OKLAHOMA CITY, OK – Under current Oklahoma law in order for a veteran to be eligible for state veterans’ benefits, including admission to a Oklahoma Veterans Center, they must meet the definition of a war veteran. Oklahoma statutes define these as veterans who served in a branch of the U.S. military during a period of war including World War II, Korea, Vietnam, and the Gulf Wars.
Currently, there are approximately 380,000 veterans in Oklahoma and around 80,000 of those, by statute, are considered peacetime veterans rather than war veterans and, therefore, are not eligible for state veterans’ benefits. To address this discrepancy and work to get all Oklahoma veterans the state benefits they deserve, state Sen. Frank Simpson has filed Senate Bill 1610.
“Although these veterans answered the call, deployed overseas, were separated from family, and served our nation honorably they are not eligible for state veterans’ benefits,” said Simpson, Ardmore-14 (R). “The difference between a war veteran and a peacetime veteran could be as little as one day of active service. It’s an insult to these brave individuals who fought for their country, and we need to do all we can to take care of them.”
U. S. military expeditions are characterized by operations in which U.S. Armed Forces have actually landed or are present and specifically deployed in a foreign territory for the direct support of a designated military operation. Some examples are those operations that took place in the Indian Ocean/Yemen, Lebanon, Grenada, Libya, and Panama. In each of these periods, the service members who participated in the operations received military awards, including the Armed Forces Expeditionary Medal or the Navy Expeditionary Medal but many of these veterans may not be eligible for state veterans’ benefits.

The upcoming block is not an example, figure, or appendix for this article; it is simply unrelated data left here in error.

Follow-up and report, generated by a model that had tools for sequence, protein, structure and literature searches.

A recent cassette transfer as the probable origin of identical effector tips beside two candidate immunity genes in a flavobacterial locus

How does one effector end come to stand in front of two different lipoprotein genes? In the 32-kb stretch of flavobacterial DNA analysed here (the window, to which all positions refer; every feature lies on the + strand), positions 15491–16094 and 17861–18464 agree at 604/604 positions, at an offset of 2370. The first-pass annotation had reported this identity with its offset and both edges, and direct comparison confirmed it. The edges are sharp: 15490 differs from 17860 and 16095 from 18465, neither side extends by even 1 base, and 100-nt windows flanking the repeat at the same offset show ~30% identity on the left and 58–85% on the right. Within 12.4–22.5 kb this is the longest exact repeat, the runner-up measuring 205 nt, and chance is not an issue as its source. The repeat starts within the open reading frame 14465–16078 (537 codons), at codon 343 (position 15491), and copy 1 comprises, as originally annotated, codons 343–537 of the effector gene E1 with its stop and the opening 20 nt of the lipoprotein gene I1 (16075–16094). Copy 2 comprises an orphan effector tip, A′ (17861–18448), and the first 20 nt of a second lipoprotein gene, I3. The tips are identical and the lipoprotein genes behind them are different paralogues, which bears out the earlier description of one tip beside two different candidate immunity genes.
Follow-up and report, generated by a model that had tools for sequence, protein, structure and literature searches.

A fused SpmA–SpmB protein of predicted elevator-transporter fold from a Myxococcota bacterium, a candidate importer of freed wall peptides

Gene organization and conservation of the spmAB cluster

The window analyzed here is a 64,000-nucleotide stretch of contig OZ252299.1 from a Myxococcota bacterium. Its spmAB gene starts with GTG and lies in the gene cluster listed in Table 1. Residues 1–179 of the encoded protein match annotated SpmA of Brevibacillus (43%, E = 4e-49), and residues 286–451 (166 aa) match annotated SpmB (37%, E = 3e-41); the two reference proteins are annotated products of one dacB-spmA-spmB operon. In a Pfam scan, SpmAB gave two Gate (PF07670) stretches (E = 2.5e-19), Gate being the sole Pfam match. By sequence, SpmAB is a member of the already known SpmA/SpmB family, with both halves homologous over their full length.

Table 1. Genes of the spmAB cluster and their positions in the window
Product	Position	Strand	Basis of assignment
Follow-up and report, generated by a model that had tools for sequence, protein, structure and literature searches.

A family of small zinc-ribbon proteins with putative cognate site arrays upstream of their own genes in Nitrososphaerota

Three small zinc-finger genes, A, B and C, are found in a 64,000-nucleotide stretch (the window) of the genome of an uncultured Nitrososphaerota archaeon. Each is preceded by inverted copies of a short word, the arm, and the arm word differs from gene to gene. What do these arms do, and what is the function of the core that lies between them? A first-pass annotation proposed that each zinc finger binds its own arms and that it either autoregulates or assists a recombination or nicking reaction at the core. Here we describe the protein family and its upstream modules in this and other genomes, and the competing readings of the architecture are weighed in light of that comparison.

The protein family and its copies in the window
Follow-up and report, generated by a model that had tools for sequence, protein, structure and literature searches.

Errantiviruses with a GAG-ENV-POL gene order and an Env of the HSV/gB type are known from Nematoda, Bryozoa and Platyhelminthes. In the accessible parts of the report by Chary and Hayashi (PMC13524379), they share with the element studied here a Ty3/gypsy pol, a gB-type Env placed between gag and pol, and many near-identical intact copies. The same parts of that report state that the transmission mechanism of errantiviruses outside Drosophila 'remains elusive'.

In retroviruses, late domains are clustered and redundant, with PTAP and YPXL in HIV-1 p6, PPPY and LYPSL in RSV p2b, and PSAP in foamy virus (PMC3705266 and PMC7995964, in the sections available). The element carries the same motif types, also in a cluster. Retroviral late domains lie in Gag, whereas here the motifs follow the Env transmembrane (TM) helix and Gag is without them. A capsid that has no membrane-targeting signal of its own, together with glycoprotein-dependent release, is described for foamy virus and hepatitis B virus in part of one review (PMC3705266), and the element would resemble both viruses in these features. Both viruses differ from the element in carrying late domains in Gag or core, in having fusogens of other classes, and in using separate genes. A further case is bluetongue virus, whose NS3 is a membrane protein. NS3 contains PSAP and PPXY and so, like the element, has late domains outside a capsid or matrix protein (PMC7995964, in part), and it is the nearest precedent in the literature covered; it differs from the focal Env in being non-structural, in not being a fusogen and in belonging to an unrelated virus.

Simpson noted that over the next twenty years the Oklahoma veteran population will decrease dramatically with the loss of WWII, Korea, and Vietnam veterans. The state’s current war veteran population is expected to decline from 300,000 to 125,000 by the year 2035.
“I’m offering Senate Bill 1610 to ensure all our veterans are honored for their service to our country,” said Simpson, chair of the Senate Veterans and Military Affairs Committee. “This bill will extend eligibility for state veterans’ benefits to all Oklahoma veterans who served honorably. The decline in veteran population over the coming years will give us the opportunity to expand eligibility to all veterans without increased costs to the taxpayers.”
Simpson pointed out that there are other benefits as well that Oklahoma peacetime veterans have not received. One example is the Oklahoma Department of Veterans Affairs (ODVA) offers a $1,000 emergency stipend to assist veterans with expenses during a time of crisis. During the aftermath of the May 2013 tornadoes in Moore and other communities, many veterans were turned away because they did not meet the definition of a war veteran.
“As a state, we must be there for all our veterans, not just a select group, during their time of need,” said Simpson. “In my mind, it’s just the right thing to do.”